Ms. Murphy, a Trump appointee, said the F.B.I. had wanted to “put the J. Edgar Hoover site back into play,” and requested that her agency consider renovating the existing headquarters. Her agency did not like that idea, so it suggested demolishing the building and constructing a new headquarters on the site instead.
In fact, the White House had been involved, at least between the decision to kill the original project and the announcement of the new plan, according to the review by the General Services Administration’s Office of Inspector General in response to Mr. Connolly’s request.
In December 2017, five months after the decision to cancel the original project, Ms. Murphy and another official from her agency met with the White House chief of staff, John F. Kelly, and the budget director, Mick Mulvaney, about the F.B.I. headquarters.
In January, she met at the White House with Mr. Kelly and Mr. Mulvaney, along with Rod J. Rosenstein, the deputy attorney general, and Christopher A. Wray, the F.B.I. director. Then the group met with Mr. Trump in the Oval Office.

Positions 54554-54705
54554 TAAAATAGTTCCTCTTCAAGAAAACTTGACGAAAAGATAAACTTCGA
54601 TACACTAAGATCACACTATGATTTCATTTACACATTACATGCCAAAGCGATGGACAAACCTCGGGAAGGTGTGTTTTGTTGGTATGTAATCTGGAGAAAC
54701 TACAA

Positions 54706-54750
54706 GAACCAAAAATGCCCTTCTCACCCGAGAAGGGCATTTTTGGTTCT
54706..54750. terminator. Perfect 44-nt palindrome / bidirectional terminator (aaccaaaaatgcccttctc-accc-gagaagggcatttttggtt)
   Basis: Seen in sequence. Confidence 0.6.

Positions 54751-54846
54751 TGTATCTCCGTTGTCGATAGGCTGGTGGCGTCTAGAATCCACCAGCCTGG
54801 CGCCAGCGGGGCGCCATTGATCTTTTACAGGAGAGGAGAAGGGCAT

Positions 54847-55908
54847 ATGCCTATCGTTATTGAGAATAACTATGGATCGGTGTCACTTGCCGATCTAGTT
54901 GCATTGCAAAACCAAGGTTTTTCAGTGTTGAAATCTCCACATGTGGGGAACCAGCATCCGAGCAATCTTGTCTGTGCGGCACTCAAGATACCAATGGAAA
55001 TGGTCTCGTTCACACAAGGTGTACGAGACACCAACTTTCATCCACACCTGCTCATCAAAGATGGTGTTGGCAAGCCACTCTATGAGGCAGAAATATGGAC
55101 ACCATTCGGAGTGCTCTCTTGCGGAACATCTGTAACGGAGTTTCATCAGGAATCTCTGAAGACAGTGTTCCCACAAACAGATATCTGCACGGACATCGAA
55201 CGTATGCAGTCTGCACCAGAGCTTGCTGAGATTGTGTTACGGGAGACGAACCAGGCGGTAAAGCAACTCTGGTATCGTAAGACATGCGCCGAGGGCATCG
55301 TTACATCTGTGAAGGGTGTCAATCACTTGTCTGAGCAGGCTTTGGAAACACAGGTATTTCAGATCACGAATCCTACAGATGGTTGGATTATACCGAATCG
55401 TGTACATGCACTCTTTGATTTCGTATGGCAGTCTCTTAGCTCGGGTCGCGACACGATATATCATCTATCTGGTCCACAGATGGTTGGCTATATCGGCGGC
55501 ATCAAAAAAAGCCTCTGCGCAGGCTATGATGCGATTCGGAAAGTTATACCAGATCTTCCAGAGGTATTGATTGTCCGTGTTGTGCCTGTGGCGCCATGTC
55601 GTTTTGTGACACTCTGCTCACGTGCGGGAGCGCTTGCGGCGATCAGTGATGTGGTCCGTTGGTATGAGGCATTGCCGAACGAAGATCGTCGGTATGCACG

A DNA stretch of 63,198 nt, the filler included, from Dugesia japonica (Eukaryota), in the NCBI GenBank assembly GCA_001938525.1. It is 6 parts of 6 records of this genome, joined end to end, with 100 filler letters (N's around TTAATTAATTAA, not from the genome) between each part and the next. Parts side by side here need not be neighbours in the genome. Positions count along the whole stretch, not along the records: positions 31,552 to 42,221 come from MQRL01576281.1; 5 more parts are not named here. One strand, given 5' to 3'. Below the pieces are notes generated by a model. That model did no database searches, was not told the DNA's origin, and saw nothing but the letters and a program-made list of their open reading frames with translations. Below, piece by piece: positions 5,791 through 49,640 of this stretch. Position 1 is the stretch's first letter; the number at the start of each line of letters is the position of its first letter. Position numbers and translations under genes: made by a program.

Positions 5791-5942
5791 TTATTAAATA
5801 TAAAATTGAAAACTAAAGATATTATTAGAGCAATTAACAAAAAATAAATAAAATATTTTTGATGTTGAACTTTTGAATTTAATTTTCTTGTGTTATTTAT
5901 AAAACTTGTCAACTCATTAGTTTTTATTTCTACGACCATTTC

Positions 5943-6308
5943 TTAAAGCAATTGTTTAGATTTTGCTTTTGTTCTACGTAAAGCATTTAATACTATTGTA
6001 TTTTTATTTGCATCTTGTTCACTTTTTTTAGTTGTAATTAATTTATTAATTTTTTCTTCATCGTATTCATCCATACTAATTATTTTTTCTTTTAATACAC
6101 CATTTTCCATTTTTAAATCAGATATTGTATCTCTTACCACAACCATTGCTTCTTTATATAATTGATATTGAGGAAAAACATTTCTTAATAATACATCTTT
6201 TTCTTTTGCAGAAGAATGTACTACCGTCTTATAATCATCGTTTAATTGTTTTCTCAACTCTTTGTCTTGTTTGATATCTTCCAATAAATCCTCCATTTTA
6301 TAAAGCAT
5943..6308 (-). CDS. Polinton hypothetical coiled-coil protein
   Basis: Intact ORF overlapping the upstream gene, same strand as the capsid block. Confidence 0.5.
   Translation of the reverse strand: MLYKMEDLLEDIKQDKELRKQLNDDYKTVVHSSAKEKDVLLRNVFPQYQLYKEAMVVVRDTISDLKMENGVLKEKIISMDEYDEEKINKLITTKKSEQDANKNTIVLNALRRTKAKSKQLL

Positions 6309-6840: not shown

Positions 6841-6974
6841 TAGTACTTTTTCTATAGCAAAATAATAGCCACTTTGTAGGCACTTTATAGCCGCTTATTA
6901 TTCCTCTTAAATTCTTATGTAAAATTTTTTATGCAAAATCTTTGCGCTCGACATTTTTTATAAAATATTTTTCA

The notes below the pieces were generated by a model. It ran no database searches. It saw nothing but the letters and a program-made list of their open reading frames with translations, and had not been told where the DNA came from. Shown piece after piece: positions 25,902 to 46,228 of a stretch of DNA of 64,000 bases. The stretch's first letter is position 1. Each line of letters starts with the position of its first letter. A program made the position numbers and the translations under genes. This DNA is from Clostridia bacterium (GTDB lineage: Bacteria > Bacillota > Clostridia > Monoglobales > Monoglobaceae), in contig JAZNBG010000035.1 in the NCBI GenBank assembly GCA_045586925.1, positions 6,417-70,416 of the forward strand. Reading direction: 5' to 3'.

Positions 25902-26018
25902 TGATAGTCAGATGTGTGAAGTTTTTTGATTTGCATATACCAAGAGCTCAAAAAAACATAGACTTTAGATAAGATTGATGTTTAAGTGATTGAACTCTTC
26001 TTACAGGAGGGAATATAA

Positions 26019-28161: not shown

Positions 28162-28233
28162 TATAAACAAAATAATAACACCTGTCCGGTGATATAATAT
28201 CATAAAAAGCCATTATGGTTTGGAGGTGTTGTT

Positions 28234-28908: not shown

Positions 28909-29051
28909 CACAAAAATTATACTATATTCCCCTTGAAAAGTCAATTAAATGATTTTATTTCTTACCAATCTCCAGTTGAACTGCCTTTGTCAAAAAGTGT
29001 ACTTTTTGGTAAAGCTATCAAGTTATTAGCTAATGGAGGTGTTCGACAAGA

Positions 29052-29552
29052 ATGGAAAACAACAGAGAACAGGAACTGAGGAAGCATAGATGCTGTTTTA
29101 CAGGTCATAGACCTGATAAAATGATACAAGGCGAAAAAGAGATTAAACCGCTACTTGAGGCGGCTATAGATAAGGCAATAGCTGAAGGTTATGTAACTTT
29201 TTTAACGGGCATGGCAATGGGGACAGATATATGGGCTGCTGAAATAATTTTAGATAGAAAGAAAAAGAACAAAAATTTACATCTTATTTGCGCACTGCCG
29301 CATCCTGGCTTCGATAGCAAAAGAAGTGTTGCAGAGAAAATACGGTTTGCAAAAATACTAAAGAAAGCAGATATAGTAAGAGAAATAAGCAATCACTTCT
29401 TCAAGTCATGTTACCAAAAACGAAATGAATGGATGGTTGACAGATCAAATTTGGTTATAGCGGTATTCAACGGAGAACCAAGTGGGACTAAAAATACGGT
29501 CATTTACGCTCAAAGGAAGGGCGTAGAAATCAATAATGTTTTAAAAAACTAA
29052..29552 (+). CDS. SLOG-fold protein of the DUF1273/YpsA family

Precisely what transpired in that meeting is unclear. But according to the inspector general’s report, an official at the General Services Administration sent an email a few days later that referred to “what POTUS directed everyone to do” and “POTUS’s orders.” Another official from the agency wrote in an email about delivering “the project the president wants on the timetable he wants it done.”
Mr. Trump made clear over several months that he wanted to be involved with the F.B.I. project, two former Trump administration officials said.
The president could not understand, they said, why people wanted to relocate the bureau’s headquarters to Maryland or Virginia. Among his concerns was that the F.B.I. was giving up what one of the former officials called “an iconic address.” Mr. Trump told Mr. Kelly that he had a strong personal interest in the project and would take opportunities to weigh in on it, the former officials said.